I have always held Benicio Del Toro in high regard, even before his much-deserved Oscar win as Javier Rodriguez, the morally conflicted and ideologically compromised Mexican police officer in Steven Soderbergh's Traffic. Years before, in the mid nineties, he was sharp as a tack and a standout in The Usual Suspects, a wild maniac in the Gonzo adaptation of Fear and Loathing in Las Vegas. But if you were to examine his career a bit closer, in more detail after his Oscar win, would it not feel less remarkable than you first thought? That isn't to say Benicio Del Toro is a poor actor. My opinion is just the opposite; Del Toro is one of the most interesting faces in film, whose ability to look simulataneously disinterested and fully engaged has always added that layer of mystery. He is a shadowy figure, both on and off the screen, who can make his mark just smiling in an elevator in a cameo (Somewhere), and his aura of slick coolness has seemed to carry him across a wasteland of absolute cinematic trash at times. No, I am not saying he is a bad actor, I am saying he is a fantastic actor in need of a comparable role.
Born in Puerto Rico in February 1967 to lawyer parents, Benicio Del Toro found acting at the University of California in San Diego. Like so many actors, the big break wasn't easy as Del Toro fought his way onto television shows like Miami Vice in the 80s. And if anyone else enjoyed Big Top Pee-Wee as a child, go back and watch it again; Benicio is the Duke, the boy with the dog face. Everyone gets their break somehow. Somehow Del Toro worked his way out of Pee-Wee and into the 1993 James Bond thriller Licence to Kill where he played a henchman. Throughout the early nineties Benicio worked hard to get noticed in pictures like The Indian Runner and Fearless. But finally, his break was Bryan Singer's critically-acclaimed The Usual Suspects. Playing part of an ensemble, Del Toro was the rattling, mumbling, hotshot thief Fenster amid a rogue's gallery of hoodlums. From here, Del Toro would only get more notice and accumulate more praise on his way to the top.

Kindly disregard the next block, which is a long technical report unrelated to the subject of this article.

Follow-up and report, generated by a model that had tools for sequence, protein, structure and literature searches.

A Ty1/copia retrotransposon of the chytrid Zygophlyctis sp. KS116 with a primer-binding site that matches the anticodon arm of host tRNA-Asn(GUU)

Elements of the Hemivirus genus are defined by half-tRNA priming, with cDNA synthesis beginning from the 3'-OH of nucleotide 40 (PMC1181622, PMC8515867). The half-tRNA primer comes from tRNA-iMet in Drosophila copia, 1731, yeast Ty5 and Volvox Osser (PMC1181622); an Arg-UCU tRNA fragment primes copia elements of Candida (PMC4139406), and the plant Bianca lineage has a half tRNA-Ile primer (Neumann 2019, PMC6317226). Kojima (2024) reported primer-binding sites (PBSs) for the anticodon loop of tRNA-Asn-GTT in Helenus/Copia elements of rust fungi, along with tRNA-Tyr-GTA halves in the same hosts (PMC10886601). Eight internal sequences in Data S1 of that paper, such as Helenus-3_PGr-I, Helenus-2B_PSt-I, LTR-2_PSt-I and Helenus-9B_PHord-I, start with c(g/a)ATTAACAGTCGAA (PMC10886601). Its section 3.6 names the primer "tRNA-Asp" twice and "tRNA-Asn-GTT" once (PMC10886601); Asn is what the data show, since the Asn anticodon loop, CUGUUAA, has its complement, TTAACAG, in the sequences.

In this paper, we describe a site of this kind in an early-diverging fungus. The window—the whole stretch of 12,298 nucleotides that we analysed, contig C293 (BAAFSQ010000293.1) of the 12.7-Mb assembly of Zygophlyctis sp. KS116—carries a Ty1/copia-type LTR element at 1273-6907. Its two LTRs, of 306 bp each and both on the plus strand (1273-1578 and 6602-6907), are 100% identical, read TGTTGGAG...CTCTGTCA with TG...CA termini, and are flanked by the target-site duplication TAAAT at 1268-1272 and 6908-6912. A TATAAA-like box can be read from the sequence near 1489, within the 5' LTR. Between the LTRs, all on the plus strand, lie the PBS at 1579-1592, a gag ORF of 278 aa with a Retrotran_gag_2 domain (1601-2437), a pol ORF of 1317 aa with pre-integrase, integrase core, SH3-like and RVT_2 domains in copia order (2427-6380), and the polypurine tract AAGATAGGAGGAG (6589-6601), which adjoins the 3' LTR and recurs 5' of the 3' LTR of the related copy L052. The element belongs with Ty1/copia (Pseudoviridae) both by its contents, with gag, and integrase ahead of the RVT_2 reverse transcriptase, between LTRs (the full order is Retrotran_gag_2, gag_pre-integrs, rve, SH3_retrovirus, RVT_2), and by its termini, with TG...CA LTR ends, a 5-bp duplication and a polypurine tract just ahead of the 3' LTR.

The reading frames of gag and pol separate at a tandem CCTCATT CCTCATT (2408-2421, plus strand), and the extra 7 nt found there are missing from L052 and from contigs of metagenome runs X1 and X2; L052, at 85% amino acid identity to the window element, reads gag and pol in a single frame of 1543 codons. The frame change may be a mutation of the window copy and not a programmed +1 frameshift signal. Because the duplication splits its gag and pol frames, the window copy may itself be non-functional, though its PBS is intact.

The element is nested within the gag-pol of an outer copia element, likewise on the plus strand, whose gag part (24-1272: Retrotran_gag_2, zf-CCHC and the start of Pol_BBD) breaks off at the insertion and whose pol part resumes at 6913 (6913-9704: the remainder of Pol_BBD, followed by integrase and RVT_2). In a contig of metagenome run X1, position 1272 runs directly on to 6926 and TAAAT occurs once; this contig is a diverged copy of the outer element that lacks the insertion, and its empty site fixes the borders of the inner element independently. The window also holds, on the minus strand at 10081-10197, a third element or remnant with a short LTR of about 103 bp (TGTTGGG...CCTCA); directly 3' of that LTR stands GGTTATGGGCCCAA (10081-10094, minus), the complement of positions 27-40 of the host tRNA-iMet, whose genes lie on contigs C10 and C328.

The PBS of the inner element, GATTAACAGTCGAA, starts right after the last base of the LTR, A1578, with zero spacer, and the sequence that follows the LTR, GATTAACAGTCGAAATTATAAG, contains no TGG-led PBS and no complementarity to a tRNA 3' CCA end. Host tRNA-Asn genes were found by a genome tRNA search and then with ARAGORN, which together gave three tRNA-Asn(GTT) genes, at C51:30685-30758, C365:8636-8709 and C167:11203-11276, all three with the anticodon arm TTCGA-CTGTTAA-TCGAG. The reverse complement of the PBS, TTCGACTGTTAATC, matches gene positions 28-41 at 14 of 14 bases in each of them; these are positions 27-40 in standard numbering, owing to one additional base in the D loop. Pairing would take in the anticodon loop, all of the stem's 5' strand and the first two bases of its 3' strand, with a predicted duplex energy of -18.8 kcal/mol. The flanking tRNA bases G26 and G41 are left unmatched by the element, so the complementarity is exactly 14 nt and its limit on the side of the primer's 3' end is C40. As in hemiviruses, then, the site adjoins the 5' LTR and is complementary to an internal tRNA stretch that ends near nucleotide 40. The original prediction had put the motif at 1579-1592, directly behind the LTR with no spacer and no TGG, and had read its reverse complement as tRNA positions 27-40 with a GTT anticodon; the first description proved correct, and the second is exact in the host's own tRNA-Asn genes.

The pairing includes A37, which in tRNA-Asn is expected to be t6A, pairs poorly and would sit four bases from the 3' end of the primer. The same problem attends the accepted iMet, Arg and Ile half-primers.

Del Toro starred in some more smaller films like The Funeral and Excess Baggage before portraying the laywer to one Hunter S. Thompson in Terry Gilliam's drug-fueled oddysey Fear and Loathing in Las Vegas. Almost unrecognizeable beneath a mustache and about fifty extra pounds, Del Toro held his own against the skittish fantacism of Johnny Depp's portrayal of the famed author. 2000 was Benicio's breakout year, with Traffic garnering deserved praise and, specifically, praise for his role as Rodriguez. What is so impressive about Del Toro's performance is it is the most memorable role in an ensemble cast including Michael Douglas, Catherine Zeta-Jones, Don Cheadle, and a whole myriad of other fine actors. It was Del Toro who shone through.
Now look at Del Toro's career post Oscar. It's nothing along the lines of the disastrous career Cuba Gooding Jr's, although none really are, but Del Toro has still remained a presitigous and notable star even though very few of his pictures garner such acclaim. There was his follow up, The Hunted, a messy and forgettable chase film with - who else - Tommy Lee Jones. It's a film I genuinely hate. 21 Grams is a great film, and he is wonderful as a recovering alcoholic, and Sin City is, well, whatever. Sometimes it is easy to overrate this one. But the sap-filled melodramatic disaster of Things We Lost in the Fire played out like a duel between who would lose their clout after winning an Oscar faster, Halle Berry or Del Toro (answer: it was Berry). Then there was Che, a heavy, bloated, mostly bland two-part epic about the revolutionary. It had a tough time finding an audience.
Of course, the 2010 Joe Johnston adaptation of The Wolfman took the cake as a disaster, nearly stealing all of Del Toro's credibility. Nothing much needs to be said about this film anymore. Ever.
Now, it could be worse, I get that. But couldn't it have been so much better? I think so. I am genuinely excited for Savages next month, and once again it finds Del Toro on one side of a drug war. Now, of course, this time around the drug war in question is highly unrealistic and a little less likely to unfold that the very real, very raw events of Traffic. But he finds himself teamed up with Oliver Stone, a director who almost mirrors Del Toro in potential once met, and not quite met again. Not to say that either of them are bad, I want to make certain you get that point. All I am saying is, this cool cat, one of the coolest in Hollywood, could do so much better on a more consistent basis. Maybe I am being too hard on him, but sometimes it's worth it to want more out of certain actors. Sometimes, it's easier to expect nothing from Cuba Good.... er, some actors.